The Shaniqua’s, Shanene’s, LaQuan’s, Monifa’s, LaTiquia’s and others with flavorful, unique, undeniably African American names may be intensely reading this article to see the outcome of the question: “Can I change my ghetto name?”
A woman who begged the courageous question is named “Laquita” and The Root’s Jenee’ Desmond-Harris addressed it as a question of her African American culture. The question is definitely rhetorical because, of course, everyone knows they have the ability to legally change their name once they’re an adult. The real inquiry appears to be one of acceptance. It almost seems as though the woman is asking the black community for permission to change her name because she may feel she’s turning her back on her culture.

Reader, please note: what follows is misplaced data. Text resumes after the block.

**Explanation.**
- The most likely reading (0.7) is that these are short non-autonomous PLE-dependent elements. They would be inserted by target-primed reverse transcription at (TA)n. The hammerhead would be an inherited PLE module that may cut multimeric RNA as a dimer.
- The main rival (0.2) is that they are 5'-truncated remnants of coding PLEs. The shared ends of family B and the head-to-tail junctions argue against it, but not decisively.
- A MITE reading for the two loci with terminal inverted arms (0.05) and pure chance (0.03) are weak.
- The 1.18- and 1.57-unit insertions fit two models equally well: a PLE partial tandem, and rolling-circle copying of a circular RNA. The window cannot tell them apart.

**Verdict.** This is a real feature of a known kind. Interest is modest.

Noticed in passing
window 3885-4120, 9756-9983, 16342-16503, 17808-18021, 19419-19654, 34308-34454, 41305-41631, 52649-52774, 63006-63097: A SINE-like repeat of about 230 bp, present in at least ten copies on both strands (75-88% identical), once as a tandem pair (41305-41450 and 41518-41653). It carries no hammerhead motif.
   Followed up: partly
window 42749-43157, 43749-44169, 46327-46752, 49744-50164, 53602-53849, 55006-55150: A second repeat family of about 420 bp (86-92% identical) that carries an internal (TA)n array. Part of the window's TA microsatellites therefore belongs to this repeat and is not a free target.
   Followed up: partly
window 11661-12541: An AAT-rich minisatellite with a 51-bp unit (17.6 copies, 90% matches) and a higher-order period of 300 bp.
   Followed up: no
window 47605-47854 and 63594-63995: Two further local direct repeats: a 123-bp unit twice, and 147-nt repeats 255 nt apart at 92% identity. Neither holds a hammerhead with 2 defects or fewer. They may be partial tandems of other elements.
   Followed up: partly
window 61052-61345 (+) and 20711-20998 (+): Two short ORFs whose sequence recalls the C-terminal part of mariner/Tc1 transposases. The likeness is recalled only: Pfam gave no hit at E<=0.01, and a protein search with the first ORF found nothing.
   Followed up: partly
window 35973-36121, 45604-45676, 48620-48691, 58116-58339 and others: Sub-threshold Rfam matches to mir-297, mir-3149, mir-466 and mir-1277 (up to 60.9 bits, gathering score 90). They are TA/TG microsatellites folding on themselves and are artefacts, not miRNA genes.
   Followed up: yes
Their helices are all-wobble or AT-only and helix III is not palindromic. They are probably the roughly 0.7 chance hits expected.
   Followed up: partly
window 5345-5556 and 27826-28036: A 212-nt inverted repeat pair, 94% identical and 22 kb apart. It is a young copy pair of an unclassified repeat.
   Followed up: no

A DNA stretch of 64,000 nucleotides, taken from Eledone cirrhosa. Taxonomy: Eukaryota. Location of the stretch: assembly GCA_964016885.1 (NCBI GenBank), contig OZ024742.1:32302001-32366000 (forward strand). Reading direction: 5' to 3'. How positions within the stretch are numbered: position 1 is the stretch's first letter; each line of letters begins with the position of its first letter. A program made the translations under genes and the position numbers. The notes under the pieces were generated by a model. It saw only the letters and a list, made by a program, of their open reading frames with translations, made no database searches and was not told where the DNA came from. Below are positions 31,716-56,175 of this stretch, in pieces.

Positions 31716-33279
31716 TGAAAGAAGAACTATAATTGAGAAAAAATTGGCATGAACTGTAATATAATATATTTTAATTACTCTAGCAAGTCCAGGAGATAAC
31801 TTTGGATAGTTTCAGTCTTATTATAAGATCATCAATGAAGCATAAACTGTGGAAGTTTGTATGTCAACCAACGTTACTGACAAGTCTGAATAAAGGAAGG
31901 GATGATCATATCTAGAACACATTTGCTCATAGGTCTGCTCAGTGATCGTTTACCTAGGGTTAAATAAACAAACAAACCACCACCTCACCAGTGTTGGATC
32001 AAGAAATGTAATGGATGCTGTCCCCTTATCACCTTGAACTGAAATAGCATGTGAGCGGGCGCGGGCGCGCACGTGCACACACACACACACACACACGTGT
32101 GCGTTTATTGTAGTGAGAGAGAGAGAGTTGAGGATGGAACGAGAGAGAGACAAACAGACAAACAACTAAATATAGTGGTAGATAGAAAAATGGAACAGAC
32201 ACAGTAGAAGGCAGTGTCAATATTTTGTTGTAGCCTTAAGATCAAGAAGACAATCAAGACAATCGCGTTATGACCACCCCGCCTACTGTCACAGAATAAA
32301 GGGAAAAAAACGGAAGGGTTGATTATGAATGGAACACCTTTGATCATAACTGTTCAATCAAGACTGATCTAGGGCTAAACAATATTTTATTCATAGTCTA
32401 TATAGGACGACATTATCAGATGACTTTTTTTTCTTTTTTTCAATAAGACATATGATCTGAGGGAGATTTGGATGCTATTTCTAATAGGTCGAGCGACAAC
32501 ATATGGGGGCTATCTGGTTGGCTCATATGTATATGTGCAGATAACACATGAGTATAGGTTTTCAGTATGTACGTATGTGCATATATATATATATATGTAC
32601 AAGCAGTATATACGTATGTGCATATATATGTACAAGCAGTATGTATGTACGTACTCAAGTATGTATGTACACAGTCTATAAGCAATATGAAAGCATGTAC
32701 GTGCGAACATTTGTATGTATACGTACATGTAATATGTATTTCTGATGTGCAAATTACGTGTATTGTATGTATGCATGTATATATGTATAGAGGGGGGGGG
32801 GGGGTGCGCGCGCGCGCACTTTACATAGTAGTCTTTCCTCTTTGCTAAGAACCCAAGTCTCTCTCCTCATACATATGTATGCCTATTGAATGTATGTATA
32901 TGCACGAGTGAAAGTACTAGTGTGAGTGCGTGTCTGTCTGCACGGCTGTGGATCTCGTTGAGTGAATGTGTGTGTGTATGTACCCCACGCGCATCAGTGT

The Root’s Jenee Desmond Harris pointed out that the reason she’s been pushed to make this inquiry is that white America has denied certain opportunities to those who feel that the people behind such a name are from a lower socio-economic class themselves with little to no education:
“Nope, the only thing “wrong” with “Laquita,” …in the minds of those who are so put off by it is likely that it’s “associated with lower socioeconomic status” (pdf). My view is that the disdain isn’t really for the three innocent little syllables but, rather, for the type of black person who they imagine would choose to put them together. And even if your name really does correlate, as one study showed that some do, with having parents without a high school education, is that something to be ashamed of? Even in a country where the racial wealth gap was “built” and the ghetto is “public policy”?”
Do you think you have been passed over for a job because of your name? Have you wanted to change your name because of the lack of opportunities or do you really hate your “ghetto” name? Read this article before you make your decision.
Check out Key & Peele’s take on our unique names from a comical point-of-view.